Who pays for First Energy’s coal plant bailout?


Who is First Energy?
First Energy, the parent company of Mon Power and Potomac Edison, is one of two major utility companies in West Virginia.
First Energy wants its West Virginia ratepayers to bail out one of its struggling coal-fired power plants. Currently owned by one of First Energy’s de-regulated Ohio subsidiaries, the Pleasants power plant is failing to compete against less expensive power sources in that market. The company’s CEO suggested to shareholders that FE would seek to transfer ownership of the Pleasants plant from Ohio’s Allegheny Energy Supply to Mon Power. The first step was taken on Dec. 16, 2016 when Mon Power submitted a request for proposals for exactly 1,300 megawatts of generation capacity. It is no coincidence that the Pleasants plant would uniquely qualify.
How would that benefit First Energy?
In West Virginia’s regulated utility market, Mon Power is guaranteed a positive rate of return. This means that West Virginia ratepayers would be forced to pay for more expensive power generation instead of cheaper alternatives.
Has First Energy done anything like this in the past?
Yes, in October 2013, the Public Service Commission approved a similar transfer, when Mon Power purchased a 79.46 percent share of the coal-fired, 1984-megawatt, Harrison Power Station from Allegheny Energy Supply. Mon Power argued this was in the public interest, but instead, estimates by the Institute for Energy Economics and Financial Analysis (IEEFA) show, “customers have lost more than $160 million relative to what they would have otherwise paid for electricity” (Kunkel, 2016).
How does First Energy justify forcing West Virginia ratepayers to pay for their bad investments?
FE submitted an integrated resource plan to the West Virginia PSC. Integrated resource planning is a process by which utilities determine the mix of resources they will use to meet projected demand for electricity at the lowest possible cost to consumers. The IRP submitted by FE predicts extensive demand growth and a shortfall of generation capacity within this year, but considers very few energy efficiency programs.
So, First Energy needs access to more power to meet growing demand for electricity?
Not necessarily. FE’s IRP justifies a power plant transfer based on a predicted, 850MW shortfall in generating capacity in the coming decade. But that shortfall only occurs if FE actually sees electricity demand grow by more than 2 percent each year.
Can FE minimize its projected demand growth?
Yes! There are many ways that FE can minimize demand growth: through energy efficiency programs; demand-response technology; and investments in renewables, like solar, wind and biomass.
For workable alternatives to more coal-fired power, look no further than West Virginia’s other major electric utility. In contrast to First Energy, American Electric Power and its subsidiary, Appalachian Power, are taking steps to diversify their power sources while reducing carbon emissions from existing coal-fired plants. According to its 2016 sustainability report, AEP expects to add around 3,400MW of solar and 6,300MW of wind power by 2034.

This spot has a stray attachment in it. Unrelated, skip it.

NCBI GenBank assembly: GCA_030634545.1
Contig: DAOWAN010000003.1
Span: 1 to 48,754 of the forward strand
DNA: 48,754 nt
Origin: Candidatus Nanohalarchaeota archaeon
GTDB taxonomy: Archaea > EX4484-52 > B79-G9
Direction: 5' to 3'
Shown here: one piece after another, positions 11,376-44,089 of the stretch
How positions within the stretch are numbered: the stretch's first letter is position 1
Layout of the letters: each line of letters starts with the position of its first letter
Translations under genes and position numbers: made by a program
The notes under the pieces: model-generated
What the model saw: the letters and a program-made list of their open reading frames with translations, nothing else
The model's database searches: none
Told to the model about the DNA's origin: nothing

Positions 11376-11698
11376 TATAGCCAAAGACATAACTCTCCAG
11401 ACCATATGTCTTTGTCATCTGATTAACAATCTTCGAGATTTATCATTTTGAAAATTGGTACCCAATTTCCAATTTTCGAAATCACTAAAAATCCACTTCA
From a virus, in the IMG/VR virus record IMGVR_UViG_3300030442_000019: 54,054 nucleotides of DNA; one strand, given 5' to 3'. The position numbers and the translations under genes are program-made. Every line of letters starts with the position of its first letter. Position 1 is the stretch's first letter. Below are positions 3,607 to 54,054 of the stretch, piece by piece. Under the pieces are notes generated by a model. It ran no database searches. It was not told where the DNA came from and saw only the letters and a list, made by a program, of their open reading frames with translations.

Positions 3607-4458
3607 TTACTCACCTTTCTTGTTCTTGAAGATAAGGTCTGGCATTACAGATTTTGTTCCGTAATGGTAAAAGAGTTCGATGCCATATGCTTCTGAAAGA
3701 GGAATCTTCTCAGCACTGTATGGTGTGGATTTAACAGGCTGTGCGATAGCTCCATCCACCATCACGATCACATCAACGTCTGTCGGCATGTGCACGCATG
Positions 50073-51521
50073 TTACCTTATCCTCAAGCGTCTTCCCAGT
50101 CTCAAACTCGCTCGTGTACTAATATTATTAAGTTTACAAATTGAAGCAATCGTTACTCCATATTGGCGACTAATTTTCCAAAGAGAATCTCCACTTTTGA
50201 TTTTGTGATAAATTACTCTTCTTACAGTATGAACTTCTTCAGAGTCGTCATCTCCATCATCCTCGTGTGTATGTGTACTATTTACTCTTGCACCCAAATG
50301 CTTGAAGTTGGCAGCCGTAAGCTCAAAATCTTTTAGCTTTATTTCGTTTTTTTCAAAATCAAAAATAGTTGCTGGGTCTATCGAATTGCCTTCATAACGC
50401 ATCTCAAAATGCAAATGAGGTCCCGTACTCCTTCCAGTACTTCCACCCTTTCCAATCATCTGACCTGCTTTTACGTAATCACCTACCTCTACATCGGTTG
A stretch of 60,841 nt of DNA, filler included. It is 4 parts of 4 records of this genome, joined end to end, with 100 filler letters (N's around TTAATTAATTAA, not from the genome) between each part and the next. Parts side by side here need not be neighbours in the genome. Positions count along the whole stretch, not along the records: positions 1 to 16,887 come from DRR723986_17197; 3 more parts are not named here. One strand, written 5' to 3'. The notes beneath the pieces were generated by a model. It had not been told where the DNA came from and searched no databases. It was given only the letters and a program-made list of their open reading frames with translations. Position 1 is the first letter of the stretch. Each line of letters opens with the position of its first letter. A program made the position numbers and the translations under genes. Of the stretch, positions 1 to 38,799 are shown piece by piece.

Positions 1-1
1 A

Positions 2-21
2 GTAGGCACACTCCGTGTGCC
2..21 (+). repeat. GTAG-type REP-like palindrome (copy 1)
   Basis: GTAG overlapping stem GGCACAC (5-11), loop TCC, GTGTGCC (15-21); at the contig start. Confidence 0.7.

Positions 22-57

The report states, “Our strategy to diversify includes increasing use of natural gas and renewable generation and re-configuring the grid to support further integration of distributed energy resources, increased energy efficiency and demand-response and the growth of other customer-driven technologies. The expansion of renewable resources is a key driver of growth in our transmission business.”
Yet, First Energy refuses to consider any of these viable and necessary alternatives to its outdated and regressive business model. Instead, it wants a bailout from working West Virginia families.
These other options…are they cheaper than coal-fired power?
According to a 2012 analysis by Optimal Energy, an aggressive energy efficiency program could reduce power demand by 1.2 percent per year at a cost of $17-$40 per MW hour. In 2013, FE proposed a similar transfer of its Harrison power plant at a cost of $74/MWh. And if a “cost of carbon emissions” is included, as expected under the EPA’s Clean Power Plan, the cost of electricity from the Harrison plant will rise to $81/MWh. Rising generation costs make energy efficiency even more competitive.
Energy Efficiency sounds like a win-win!
Indeed, it is! Energy efficiency is the cheapest and simplest way to minimize energy demand growth. In addition to saving consumers money, energy efficiency creates new jobs and business opportunities, and reduces greenhouse gas emissions. So, it is especially concerning that energy efficiency does not play a larger role in FE’s resource planning. Rather than spending our hard-earned money on another dirty plant, FE should be working to build a more sustainable energy future and helping to secure West Virginia’s place in America’s booming clean energy economy.
What can I do to help?
The Sierra Club’s Energy Efficiency Campaign is planning activities, including petitions and formal comments to the PSC, and public rallies. Make your voice heard: Come to the hearing on Sept. 12 at 6 p.m. at the Mon County Justice Center, 75 High Street, Morgantown. For more information on this event, including ridesharing, contact the Sierra Club’s local Energy Efficiency campaign leader, Kevin Campbell: [email protected]
Reprinted with permission of Sierra Club W.Va.

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